Freshman Caroline Hennekes might never have ended up at Hillsdale College if it weren’t for an injury that threw her career plans off track and forced her to overcome unexpected challenges.
After a childhood of gymnastics and dancing and two years as a professional dancer with The Sarasota Ballet, Hennekes over-extended her hip, tearing the cartilage in her hip socket and putting her dancing career on pause. Eventually, this series of events led to her joining the Class of 2021 at Hillsdale College.
From the time she was 3 years old, gymnastics practice, dance rehearsals, and pointed toes consumed Hennekes’ life. At the age of 12, the Cincinnati native joined the Northern Cincinnati Youth Ballet.
Exhausted by the pressure of the industry — the long hours and desire for perfection — Hennekes quit. Then, with her mother’s guidance, she decided to give ballet another shot. She quickly gained recognition for winning the Youth America Grand Prix in Indianapolis at age 15.
“I was surprised,” said Elizabeth Hennekes, Caroline’s mother. “That’s what really catapulted her.”
Three years later, Hennekes graduated early from high school and was recruited to dance professionally for the corps de ballet, the core group of dancers, in The Sarasota Ballet. As a member of the corps, Caroline danced within a group which set a backdrop for the soloists or principal dancer in a performance.
With her bubbly personality and warm smile, Hennekes bonded with two other dancers from the ballet, Lexie Ehmann and Sarah Monkman.
“Caroline has beautiful artistry. Her movement quality is elegant and soft, which is enchanting to watch,” said Monkman, who lived with Caroline in Sarasota. “When watching certain people dance, I think some people just have this way of moving that looks so natural, so a part of them… You’re not just watching someone perform a sequence of choreographed steps, but that you’re watching a part of someone’s personality.”
Javier Dubrocq, professional ballet dancer and instructor in Sarasota, remembered witnessing Caroline’s natural talent in Sarasota.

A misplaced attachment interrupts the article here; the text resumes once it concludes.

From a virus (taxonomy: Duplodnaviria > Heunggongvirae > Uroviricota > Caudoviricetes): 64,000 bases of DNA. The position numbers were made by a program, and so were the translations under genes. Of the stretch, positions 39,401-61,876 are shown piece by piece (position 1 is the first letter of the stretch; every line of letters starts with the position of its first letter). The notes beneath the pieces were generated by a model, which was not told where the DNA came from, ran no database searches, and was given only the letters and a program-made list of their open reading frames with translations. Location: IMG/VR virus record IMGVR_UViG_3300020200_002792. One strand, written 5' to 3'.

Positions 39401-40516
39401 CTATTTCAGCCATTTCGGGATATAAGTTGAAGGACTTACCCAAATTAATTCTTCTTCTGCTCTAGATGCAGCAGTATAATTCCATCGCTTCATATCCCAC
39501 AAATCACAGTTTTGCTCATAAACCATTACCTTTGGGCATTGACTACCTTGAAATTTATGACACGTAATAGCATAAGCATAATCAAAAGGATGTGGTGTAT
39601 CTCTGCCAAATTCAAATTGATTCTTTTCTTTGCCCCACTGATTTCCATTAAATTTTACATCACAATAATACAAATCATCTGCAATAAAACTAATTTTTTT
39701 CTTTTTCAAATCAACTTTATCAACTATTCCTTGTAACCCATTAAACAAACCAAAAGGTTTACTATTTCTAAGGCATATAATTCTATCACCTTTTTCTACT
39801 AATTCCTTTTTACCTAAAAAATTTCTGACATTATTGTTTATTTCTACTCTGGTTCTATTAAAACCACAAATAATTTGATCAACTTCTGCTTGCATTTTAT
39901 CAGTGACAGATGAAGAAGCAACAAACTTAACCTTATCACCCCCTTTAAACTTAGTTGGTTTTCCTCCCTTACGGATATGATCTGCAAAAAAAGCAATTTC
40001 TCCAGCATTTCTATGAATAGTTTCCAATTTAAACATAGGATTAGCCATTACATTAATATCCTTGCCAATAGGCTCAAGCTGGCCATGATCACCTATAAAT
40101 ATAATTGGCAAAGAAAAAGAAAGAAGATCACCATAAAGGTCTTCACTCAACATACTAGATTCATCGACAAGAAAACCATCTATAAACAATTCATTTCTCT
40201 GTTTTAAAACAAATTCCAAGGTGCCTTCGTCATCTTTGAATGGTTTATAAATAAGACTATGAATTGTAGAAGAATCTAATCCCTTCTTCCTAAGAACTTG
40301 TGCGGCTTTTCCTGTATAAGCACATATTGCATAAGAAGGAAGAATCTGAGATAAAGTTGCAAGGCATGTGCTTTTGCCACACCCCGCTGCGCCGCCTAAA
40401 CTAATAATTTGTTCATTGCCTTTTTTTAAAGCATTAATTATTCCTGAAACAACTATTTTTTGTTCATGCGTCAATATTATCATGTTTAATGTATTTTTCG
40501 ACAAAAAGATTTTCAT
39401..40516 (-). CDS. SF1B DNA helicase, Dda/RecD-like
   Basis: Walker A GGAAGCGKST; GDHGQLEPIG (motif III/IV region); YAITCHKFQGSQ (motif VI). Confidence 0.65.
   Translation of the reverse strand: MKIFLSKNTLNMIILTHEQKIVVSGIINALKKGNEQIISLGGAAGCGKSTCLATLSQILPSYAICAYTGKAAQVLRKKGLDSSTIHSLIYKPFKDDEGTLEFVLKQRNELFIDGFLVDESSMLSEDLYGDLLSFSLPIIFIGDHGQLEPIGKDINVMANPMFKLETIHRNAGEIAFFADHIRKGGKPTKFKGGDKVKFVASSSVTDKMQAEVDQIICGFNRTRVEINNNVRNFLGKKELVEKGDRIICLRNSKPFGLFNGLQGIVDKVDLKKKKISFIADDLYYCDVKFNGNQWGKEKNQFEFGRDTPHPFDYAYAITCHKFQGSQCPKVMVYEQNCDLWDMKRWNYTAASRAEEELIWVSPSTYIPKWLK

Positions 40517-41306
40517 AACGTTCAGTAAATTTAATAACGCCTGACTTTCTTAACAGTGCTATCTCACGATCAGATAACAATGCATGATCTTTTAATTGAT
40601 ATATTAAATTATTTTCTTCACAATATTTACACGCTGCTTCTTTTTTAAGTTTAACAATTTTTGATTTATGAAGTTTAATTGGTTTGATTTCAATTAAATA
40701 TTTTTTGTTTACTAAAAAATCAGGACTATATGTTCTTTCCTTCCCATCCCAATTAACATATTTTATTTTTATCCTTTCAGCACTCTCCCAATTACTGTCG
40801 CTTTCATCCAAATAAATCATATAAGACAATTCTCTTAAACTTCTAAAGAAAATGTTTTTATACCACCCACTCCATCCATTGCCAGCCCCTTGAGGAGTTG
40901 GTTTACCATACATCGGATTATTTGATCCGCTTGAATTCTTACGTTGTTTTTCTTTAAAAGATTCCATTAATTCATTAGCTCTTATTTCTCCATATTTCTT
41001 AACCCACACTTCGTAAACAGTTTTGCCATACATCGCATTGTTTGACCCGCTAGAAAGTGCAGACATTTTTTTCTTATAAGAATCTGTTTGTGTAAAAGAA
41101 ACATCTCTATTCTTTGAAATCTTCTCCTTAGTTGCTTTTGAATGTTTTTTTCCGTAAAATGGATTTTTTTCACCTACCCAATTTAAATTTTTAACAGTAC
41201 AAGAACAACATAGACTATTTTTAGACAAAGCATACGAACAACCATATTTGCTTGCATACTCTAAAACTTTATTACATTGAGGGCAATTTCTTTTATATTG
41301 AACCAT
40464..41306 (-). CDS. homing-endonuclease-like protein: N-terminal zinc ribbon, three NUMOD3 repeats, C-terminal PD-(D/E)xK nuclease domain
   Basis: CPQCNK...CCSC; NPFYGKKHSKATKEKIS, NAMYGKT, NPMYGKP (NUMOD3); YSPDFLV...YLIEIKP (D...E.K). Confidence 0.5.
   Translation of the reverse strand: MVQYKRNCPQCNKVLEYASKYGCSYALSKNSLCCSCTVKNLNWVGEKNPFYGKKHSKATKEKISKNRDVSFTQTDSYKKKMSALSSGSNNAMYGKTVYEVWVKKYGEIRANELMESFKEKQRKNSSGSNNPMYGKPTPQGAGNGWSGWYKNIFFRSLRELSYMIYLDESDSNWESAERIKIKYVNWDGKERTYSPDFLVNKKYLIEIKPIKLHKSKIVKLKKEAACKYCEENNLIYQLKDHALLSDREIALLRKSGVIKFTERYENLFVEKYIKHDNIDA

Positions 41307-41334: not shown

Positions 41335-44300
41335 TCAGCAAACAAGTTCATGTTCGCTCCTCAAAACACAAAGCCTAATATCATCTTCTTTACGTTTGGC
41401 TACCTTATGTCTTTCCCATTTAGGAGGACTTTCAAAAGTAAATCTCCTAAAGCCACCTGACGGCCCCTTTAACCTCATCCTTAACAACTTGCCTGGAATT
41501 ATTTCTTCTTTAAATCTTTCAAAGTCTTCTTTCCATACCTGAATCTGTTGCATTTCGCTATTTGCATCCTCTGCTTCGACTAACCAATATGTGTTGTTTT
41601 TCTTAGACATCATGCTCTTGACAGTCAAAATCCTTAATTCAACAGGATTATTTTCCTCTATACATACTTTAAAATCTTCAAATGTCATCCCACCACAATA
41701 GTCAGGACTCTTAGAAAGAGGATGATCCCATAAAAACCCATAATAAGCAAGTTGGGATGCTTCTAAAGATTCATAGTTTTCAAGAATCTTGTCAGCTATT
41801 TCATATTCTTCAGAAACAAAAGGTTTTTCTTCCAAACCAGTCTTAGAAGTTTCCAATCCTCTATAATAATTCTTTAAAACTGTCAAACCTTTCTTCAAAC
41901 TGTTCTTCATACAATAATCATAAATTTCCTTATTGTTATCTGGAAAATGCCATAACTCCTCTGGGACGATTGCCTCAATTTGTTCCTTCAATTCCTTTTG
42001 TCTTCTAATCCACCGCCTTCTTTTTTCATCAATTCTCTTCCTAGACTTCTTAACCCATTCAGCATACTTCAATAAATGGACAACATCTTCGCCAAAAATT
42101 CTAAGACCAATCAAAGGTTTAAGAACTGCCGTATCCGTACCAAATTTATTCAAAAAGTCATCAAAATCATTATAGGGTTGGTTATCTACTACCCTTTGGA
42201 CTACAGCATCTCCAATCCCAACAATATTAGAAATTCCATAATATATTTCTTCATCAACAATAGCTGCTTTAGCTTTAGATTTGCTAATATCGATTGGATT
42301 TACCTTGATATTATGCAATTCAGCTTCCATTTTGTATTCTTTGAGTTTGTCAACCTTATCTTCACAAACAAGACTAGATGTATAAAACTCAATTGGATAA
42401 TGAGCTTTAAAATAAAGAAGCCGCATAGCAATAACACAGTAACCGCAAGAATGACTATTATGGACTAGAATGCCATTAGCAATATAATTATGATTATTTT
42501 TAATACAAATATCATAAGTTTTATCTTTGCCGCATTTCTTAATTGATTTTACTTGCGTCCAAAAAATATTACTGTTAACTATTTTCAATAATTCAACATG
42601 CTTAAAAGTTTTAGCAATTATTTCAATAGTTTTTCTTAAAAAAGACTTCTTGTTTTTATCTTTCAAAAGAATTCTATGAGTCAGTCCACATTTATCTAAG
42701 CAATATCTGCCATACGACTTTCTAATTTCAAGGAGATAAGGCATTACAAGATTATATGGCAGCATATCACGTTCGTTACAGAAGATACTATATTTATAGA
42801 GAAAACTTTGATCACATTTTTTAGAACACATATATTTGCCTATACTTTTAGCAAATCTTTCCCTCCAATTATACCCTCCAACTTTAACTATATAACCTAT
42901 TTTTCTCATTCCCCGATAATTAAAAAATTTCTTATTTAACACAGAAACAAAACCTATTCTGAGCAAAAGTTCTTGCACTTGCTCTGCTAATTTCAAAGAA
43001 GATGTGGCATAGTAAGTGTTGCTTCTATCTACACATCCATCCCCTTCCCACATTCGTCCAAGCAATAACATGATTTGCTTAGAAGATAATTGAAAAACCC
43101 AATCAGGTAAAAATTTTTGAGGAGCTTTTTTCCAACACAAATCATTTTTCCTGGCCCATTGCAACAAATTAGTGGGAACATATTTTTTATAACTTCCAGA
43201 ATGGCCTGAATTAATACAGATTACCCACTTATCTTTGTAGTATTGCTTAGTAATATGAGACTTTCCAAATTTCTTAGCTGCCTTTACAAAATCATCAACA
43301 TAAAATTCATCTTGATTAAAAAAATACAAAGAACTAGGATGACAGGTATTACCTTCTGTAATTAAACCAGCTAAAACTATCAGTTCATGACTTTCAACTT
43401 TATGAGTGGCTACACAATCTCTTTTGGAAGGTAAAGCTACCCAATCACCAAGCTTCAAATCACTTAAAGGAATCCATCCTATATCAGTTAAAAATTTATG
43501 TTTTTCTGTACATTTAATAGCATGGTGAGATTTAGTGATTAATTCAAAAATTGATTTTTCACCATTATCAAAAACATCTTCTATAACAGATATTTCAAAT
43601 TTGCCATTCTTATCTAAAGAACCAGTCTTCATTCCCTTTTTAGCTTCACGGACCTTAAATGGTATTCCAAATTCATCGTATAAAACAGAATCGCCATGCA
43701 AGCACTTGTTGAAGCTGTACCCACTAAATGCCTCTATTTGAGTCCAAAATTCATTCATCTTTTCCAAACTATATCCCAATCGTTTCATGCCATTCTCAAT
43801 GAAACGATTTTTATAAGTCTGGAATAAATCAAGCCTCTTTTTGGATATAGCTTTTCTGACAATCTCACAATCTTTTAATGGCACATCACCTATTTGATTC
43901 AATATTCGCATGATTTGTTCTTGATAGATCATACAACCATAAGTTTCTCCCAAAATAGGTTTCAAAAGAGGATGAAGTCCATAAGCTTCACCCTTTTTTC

“She is very flexible and has a natural quality in her movements,” Dubrocq said. “She had a prima ballerina inside of her. We just had to go and get her out.”
Despite her talent, Hennekes faced difficulties jumping into the professional world at such a young age.
“The first couple of seasons were really rocky because I was the baby,” Hennekes said, noting that she had to wash her own laundry, clean, cook, and drive herself to long rehearsals. “I had a lot of growing up to do: I went from being in high school to being an adult and having to take care of everything.”
Hennekes said her experience with the ballet was “a God thing,” a time when she grew in her faith.
“I actually changed churches and really became a believer,” she said. “From there, it was baby steps, God just freeing me and letting me enjoy what I was doing and live in freedom in it. I give it back to him and use my creativity to worship him.”
At the age of 19, two years after joining the ballet, Hennekes’ extreme flexibility led her to tear the cartilage in her hip socket, halting her dancing career. The injury resulted in surgery, six months of recovery, and an early retirement from ballet.
Ehmann remembered Hennekes’ steadfastness and friendship in this troublesome time.
“Caroline handled her injury with maturity and acceptance,” Ehmann said. “She had a positive outlook because she trusted the plan God had for her life. She continued to encourage me and her friends in the midst of her own struggles.”
Hennekes said she relied on faith and prayer in order to determine her next steps.
“I felt the Lord calling me to something else,” she said. “I wanted to go back to school.”
As she began to look at colleges, Hennekes paid particular attention to colleges’ mission statements. After weighing her options, Hennekes decided on Hillsdale.
“I know the academic standing that Hillsdale has,” she said. “I knew that if I was paying to go somewhere, I wanted it to be challenging.”
Hennekes is studying art and graphic design, skills she uses to make posters for her church at home.
“My life to this point has not gone one iota of what I thought it would look like,” Hennekes said. “Every turn I’ve had this idea of what my plan is going to be and what my life is going to be, and it just never goes that way.”
Hennekes’ friends said her ability to overcome obstacles impacted them.
“Over the years, Caroline has become an inspiration to me,” Monkman said. “She is a testimony to how God can make us new. I’m lucky enough to have been one of Caroline’s closest friends during the period of time when my dear sister walked into a new lease of life. All the credit goes to Jesus.”
Through both her struggles and her successes, Hennekes learned “not to roll with the punches, but grow with them.”
“Whatever happens,” Hennekes said, “God is still in control. He is good, and he is sovereign, too. God put me under pressure in order to refine me and make me grow.”
Ehmann said Hennekes questioned and was angry with her circumstances, but knew deep down these trials were strengthening her.
“She had a steadiness through the whole process,” Ehmann said, “a hope that couldn’t be shaken.”